by Heather Bourke

I know these are really tough times for so many but an unexpected and wonderful side effect of this crisis for me has been that it’s prompted me to contact friends I haven’t spoken to in a while. It’s also significantly changed the nature of the conversations we’re having. A few days ago on Facebook I suggested that we explore what conversational adventures and treasures might be found in this time of enforced retreat and lock-down? I myself have been amazed and so touched.

I’m a natural conversationalist but I wasn’t connecting with these friends out of boredom or because I was looking for a deep and meaningful conversation. I was making contact because we are in a time of crisis and I wanted to see how they were doing, to make sure they knew I cared or maybe even loved them. I wanted to hear their voice and relax into the familiar banter that reconfirmed our friendship and bond. 

I rang my friend in Australia, Brisbane to be precise, 10pm for him, noon for me. We talk about his new and difficult social work job with young people, we talk about the different reactions to this pandemic, the toilet roll hoarding and the altruism, humanity’s potential for selfishness and kindness, we talk about our attitude to dying, we talk about what the world may be like post coronavirus, we talk about the ex VP of Google and his response to the crisis, we talk about how we are keeping ourselves amused – Oran has 100 books in his garage, I’m decluttering my office. We laugh, we end our conversation, to be continued. 

No longer were there individual destinies; only a collective destiny

I ring my friend Robert in Turin. We haven’t talked in a long time and it’s so good to hear his voice. He sounds as calm and relaxed as anything. He’s been in lock-down for a long time now. He’s alone in his apartment.  Poor Italy is on its knees. Robert is still teaching his classes remotely. He goes to the supermarket. He reads a lot. He’s reading, The Plague by Albert Camus. I laugh out loud at his choice of reading material, ‘very uplifting’ I say but then we discuss how it’s the perfect book for the current situation we’ve found ourselves in. Camus examines the lessons these disasters can teach, the questions they raise about the nature of humanity. The novel does contain hope, Camus’s narrator declaring, famously, that plagues remind us “there are more things to admire in men than to despise.” It also reminds us of our shared humanity and destiny, “No longer were there individual destinies; only a collective destiny, made of plague and emotions shared by all.” We move on to less profound and less philosophical topics, how our mutual friends are doing, how Robert missed his Mom’s 80th in Florida, what movies we would recommend for each other. We’re both just about to have dinner so we finish our call.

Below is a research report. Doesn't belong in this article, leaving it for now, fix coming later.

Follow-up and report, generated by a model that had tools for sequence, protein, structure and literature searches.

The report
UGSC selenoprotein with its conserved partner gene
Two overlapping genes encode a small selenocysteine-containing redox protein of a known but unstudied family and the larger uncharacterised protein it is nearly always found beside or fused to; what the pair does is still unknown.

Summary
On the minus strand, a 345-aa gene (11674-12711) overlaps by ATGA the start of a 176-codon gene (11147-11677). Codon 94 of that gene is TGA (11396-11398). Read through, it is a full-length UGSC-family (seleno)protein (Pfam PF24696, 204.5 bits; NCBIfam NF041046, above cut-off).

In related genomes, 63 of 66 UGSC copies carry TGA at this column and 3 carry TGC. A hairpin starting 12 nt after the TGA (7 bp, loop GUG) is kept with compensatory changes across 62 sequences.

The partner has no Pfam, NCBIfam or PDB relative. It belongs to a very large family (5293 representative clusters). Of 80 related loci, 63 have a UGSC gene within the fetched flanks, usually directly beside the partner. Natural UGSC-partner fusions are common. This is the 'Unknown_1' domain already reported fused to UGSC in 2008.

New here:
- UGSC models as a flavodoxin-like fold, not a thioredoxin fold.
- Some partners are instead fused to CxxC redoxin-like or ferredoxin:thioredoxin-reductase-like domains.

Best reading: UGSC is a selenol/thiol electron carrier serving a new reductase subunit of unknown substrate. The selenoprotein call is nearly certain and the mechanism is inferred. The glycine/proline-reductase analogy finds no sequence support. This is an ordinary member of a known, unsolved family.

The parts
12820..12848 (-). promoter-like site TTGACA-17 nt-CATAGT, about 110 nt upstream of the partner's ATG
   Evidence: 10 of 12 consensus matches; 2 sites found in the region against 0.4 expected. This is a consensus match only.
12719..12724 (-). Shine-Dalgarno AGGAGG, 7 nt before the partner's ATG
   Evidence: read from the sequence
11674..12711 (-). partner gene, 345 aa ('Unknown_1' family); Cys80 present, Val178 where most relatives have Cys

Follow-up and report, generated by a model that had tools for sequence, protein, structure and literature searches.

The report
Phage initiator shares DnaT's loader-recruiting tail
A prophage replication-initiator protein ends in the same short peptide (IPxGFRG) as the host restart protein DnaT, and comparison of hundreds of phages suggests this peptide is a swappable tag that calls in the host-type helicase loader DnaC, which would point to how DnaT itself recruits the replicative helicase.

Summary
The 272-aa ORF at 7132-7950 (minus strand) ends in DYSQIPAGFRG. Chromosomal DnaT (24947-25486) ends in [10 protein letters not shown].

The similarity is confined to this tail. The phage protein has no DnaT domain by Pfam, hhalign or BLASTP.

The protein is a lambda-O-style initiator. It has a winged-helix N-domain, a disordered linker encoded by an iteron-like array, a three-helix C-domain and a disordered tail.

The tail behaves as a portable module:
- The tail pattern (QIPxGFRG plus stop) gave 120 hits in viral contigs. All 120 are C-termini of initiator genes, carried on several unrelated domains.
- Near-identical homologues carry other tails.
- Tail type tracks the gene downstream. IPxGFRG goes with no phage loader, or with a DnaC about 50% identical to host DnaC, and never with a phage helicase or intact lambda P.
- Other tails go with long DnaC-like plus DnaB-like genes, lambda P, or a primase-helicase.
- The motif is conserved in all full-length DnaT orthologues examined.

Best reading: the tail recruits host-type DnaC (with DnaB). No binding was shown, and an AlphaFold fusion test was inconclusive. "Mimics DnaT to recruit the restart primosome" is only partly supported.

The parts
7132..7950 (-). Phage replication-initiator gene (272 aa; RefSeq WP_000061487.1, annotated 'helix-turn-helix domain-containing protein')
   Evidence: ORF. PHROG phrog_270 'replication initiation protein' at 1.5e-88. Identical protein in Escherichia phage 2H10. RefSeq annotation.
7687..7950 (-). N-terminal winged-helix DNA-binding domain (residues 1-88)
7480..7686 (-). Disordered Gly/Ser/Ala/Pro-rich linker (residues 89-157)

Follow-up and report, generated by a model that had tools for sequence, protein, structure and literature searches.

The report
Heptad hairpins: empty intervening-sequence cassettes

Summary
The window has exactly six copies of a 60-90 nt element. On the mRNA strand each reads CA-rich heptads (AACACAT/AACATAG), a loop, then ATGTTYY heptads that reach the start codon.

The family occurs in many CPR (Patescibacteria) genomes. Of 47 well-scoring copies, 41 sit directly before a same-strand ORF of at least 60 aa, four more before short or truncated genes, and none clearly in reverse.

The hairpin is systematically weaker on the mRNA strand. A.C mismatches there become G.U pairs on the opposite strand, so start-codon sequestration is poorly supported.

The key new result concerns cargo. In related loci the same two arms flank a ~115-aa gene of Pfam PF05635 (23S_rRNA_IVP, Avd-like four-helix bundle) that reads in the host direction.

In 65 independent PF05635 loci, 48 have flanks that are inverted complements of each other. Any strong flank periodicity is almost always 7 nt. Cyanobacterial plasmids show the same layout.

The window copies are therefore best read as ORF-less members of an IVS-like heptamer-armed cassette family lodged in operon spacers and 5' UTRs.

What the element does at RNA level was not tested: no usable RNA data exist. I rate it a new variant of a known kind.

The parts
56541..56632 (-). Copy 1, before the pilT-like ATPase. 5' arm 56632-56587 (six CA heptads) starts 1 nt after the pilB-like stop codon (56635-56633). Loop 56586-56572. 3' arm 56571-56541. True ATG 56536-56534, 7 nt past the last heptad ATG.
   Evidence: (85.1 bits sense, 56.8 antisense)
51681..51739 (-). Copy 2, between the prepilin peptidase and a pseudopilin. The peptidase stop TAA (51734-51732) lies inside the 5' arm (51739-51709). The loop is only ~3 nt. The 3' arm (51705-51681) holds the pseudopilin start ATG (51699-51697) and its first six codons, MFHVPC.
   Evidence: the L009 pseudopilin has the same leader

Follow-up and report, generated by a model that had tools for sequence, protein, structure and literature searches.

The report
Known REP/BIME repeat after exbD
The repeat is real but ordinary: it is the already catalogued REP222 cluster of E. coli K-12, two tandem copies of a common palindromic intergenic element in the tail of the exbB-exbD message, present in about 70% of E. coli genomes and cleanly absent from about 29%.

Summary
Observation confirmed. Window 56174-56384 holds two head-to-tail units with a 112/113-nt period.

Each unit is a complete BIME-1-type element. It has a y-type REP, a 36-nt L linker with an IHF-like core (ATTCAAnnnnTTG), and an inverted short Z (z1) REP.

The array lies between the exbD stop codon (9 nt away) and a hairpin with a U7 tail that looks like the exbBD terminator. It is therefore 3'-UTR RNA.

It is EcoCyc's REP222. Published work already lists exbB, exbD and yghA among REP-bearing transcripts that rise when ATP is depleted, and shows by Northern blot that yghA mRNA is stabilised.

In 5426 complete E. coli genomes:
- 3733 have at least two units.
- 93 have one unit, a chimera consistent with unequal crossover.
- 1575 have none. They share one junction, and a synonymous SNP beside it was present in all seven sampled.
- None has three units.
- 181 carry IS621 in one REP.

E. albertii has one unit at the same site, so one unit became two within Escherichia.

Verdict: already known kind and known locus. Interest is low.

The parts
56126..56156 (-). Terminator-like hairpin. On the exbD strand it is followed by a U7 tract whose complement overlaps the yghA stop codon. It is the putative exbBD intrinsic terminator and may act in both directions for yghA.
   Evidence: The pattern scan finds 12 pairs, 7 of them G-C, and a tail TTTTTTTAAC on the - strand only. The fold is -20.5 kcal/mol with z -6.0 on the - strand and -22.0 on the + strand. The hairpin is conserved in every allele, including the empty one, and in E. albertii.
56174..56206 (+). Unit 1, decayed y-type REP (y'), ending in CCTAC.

read more: conversations with strangers

I call my friend Kate in Seattle. If it wasn’t for the virus I wouldn’t be ringing her. I last saw her over five years ago. We worked together decades ago. I follow her on Facebook, we swop interesting bits and pieces from time to time. The values and interests that bonded us as young women still hold true today as older women, our causes, our passions. We talk about her grandchildren, her love of being a granny, her love of nature, her despair and frustration with what’s happening in her country under Trump. We vent, we laugh, we inevitably discuss the response to COVID-19, the good, the bad, the bizarre, the admirable. Neither time nor miles diminish the connection, our natural affinity.  It’s good to talk. We try not to get too sentimental before we sign off.

These three coronavirus conversations all happened on the same day. How brilliant is that? I’m now wondering who else in my friendship circle near or far I can connect with, now that I have the luxury of time to do so. What rambling meandering delicious conversational adventures and connections might be waiting out there?

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